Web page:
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Driving Innovation Through A Collaborative Simulation Supported Telehealth Initiative | 107342
ISSN: 2157-7420

Journal of Health & Medical Informatics
Open Access

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Driving innovation through a collaborative simulation supported telehealth initiative

14th World Congress on Healthcare & Technologies

Becky Faett

University of Pittsburgh, USA

Keynote: J Health Med Informat

Abstract
Numerous studies demonstrate the delivery of care through telecommunications is effective. With reimbursement a reality, the growth of telehealth will be exponential. Simulating telehealth is a critically necessary, safe, and effective process that prepares students for the present and the future delivery of health care. Operationalize the complexities of remote care requires practice. This initiative explores the intricacies of launching a sustainable telehealth simulation symposium with faculty new to simulation while studying the impact on students??? knowledge, skills and attitudes. Using best practice standards this innovation supports faculty teaching in a challenging new environment while cultivating student???s clinical judgment outside of the clinical arena. The design, based on course objectives and university level nursing essentials, provided structured evidenced based simulation that enabled students to recognize and implement best practices in assessment, remote intervention, self-management education and caregiver support. 140 students practiced telehealth from both the urban clinician and rural caregiver vantage. Significant difference with moderate to large effect size were found in the students??? self-evaluation regarding communication strategies, assessment with sensory limitations, remote intervention, self-management education, and caregiver support. Focus group methodology was used to evaluate the telehealth simulation sceneries. 10% of students who participated in the project were asked to provide evaluation data. Content analysis was used to identify themes and used to refine the structure and content of the simulation sessions. Three themes; the challenges, the imperative to teach well with ever patient contact, and creative problem solving was identified in focus groups. Future practice is planned with at-risk new mothers in the junior year and studying long term retention in the senior year.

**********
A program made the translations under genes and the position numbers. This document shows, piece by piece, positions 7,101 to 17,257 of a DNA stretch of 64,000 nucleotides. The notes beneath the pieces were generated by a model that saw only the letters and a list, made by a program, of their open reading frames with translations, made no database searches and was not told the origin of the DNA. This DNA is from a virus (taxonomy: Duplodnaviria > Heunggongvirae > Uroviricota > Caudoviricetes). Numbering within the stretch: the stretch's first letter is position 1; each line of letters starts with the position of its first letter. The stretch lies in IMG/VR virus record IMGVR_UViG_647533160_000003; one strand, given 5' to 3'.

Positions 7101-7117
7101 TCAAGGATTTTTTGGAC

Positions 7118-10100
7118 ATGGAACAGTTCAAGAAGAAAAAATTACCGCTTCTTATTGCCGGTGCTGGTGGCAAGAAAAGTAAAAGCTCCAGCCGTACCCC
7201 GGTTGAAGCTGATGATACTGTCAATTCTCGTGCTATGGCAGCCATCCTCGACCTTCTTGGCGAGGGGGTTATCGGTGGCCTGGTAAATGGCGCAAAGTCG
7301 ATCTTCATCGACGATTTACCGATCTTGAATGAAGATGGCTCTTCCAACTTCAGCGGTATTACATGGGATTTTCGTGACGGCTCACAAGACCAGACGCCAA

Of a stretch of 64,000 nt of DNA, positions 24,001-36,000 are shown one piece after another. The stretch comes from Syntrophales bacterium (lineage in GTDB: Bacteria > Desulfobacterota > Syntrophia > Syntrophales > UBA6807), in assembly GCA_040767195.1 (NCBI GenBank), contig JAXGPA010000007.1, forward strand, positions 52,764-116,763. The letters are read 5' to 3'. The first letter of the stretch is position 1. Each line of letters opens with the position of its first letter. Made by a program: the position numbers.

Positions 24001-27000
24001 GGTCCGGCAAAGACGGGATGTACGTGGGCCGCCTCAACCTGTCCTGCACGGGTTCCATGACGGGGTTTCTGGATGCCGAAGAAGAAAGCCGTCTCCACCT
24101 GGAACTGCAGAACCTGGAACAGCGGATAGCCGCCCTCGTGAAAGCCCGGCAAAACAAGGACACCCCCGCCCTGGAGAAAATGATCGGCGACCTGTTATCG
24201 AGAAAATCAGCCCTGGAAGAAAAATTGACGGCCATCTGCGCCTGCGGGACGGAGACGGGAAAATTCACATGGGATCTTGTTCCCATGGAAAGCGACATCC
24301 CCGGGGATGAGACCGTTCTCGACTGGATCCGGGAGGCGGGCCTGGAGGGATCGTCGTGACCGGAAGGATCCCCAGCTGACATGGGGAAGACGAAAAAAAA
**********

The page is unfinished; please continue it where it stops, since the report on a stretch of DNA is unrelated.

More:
Recent Publications

1. Benner P, Tanner C A and Chesla C A (2009) Expertise in nursing practice: Caring, clinical judgment, and ethics. (2nd Edition) New York: Springer.

2. Dahlke S, Baumbusch J, Affleck F and Kwon J Y (2012) The clinical instructor role in nursing education: A structured literature review. J Nurs Ed 51(12):692-696.

3. Huffman M H (2009) Health coaching: A fresh, new approach to improve quality outcomes and compliance for patients with chronic conditions. Home Healthcare Nurse 27(8):490-496.

4. Kantar L and Alexander R (2012) Integration of clinical judgment in the nursing curriculum: Challenges and perspectives. J Nurs Ed 2012; 51(8):444-453.

5. Niederhauser V, Schoessler M, Gubrud-Howe PM, Magnussen L, Codier E (2012) Creating innovative models of clinical nursing education. J Nurs Ed 51(11):603-608
Biography

Becky Faett has been a Full Time Faculty Member at the University of Pittsburgh, School of Nursing since 2006. She has received her PhD in Rehabilitation and Technology from the University of Pittsburgh. Her research focuses on enhancing functional ability and self-management of those disabled by chronic illness. Her dissertation for her PhD involved the development, implementation and evaluation of the education component of a tele-rehabilitation program designed to enhance functional ability and self-management of individuals with limited mobility due to lymphedema. She has received multiple awards for her innovative teaching including the Provost’s Innovation in Education award, the Distinguished Clinical Scholar award, the Nursing Excellence in Teaching and Technology award and the Dean’s Distinguished Teaching award.

E-mail: [email protected]

 

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